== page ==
At the culmination of the story, God became flesh and literally dwelt among us (John 1:14).  Jesus “did not count equality with God a thing to be grasped, but made himself nothing, taking on the from of a servant, being born in the likeness of men.  And being found in human form, he humbled himself by becoming obedient to the point of death, even death on a cross” (Philippians 2:6-8).  Jesus entered into the world and was rightfully called, Immanuel -God with us!”  And the rest of the story is increasingly more amazing.  After Jesus was raised from the dead, He ascended to the Father and sent His Spirit.  “Or do you not know that your body is the a temple of the Holy Spirit within you, whom you have from God?  You are not your own…” (1 Corinthians 6:19).  God, through the death of His Son, made a way for His presence to be with us forever, the indwelling of His Spirit.

The Almighty Creator of the Universe who paints galaxies and speaks matter into existence, the Eternal One who orders life, calms storms, and has no needs chose to pursue you, me and all of humanity.  He longs to be with you.  He doesn’t need you but wants you.  He is still holy, righteous, always good, and to be feared.  And somehow, He also allows His people to affectionally call Him Father, Daddy, and Friend.

Moses would have many good days and difficult days the remainder of his life.  Some of the challenges he faced resulted from his own wrong decisions.  After guiding God’s people through the desert for forty years anxiously anticipating a promised good land, Moses would not be able to enter.  But the land was only a blessing.  God longed for the hearts of the people, He longed for Moses.  He longs for you and me.  We too will have good and difficult days ahead.  And we too might fail to see a dream fulfilled.  But in abiding in Jesus, we discover we have all we truly need…and we remember that it has been His story all along.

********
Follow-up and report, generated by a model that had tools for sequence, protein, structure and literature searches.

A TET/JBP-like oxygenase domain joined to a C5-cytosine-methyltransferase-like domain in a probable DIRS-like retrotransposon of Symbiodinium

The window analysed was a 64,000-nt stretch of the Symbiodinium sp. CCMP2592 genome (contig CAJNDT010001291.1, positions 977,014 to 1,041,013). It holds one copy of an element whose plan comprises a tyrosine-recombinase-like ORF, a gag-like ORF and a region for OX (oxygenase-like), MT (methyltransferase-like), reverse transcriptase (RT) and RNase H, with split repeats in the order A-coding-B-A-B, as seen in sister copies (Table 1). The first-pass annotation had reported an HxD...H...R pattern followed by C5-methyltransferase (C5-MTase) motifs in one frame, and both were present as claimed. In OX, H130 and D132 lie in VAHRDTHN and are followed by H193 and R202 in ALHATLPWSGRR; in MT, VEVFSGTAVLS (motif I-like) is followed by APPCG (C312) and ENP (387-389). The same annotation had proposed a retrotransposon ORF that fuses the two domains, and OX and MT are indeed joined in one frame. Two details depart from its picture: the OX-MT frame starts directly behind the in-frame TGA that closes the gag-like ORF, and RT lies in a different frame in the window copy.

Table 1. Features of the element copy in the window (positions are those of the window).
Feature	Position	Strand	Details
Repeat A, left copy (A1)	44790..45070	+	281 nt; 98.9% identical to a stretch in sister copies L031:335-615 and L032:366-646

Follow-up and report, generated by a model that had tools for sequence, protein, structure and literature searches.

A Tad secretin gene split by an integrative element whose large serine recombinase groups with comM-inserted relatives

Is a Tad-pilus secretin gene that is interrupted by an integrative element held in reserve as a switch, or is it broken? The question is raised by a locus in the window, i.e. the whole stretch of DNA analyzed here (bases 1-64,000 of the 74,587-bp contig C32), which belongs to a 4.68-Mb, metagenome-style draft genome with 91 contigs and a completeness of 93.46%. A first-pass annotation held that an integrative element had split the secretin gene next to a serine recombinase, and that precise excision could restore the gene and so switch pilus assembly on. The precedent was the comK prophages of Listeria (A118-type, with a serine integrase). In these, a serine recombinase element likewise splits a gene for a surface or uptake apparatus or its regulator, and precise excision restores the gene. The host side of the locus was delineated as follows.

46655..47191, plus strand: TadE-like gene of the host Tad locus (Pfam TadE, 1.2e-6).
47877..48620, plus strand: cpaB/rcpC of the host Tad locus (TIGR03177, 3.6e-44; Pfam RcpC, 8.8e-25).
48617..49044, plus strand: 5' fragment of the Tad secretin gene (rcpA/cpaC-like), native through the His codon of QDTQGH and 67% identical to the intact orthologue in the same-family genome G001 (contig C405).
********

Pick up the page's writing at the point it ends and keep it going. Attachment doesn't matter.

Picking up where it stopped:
Be encouraged today to find rest in the presence of God.  He longs to give abundant life through His abiding presence.  Abide in Him…He is longing to hear from you and He bends his hear to listen.  He is longing to speak…open His word and listen.



handprint-glass1Winter in Houston is the best (and only) time of year to open the sunroof and enjoy a cool breeze.  The sunroof in our SUV tends to impress my children.  This magical window opens oddly and then part of the protective roof above them peels away to reveal clouds and an amazing winter sky.  And for whatever reason, it also tends to attract their fingerprints.  Honestly, every window in just about every car that carries children is frosted with smeared oily prints of little ones making their messy mark.  Typically, those prints drive me crazy and I crave that moment right after cleaning the car thoroughly that offers transparency rarely experienced in the Allen vehicles.  Call it OCD, but a clean car just makes the world seem a little more in order.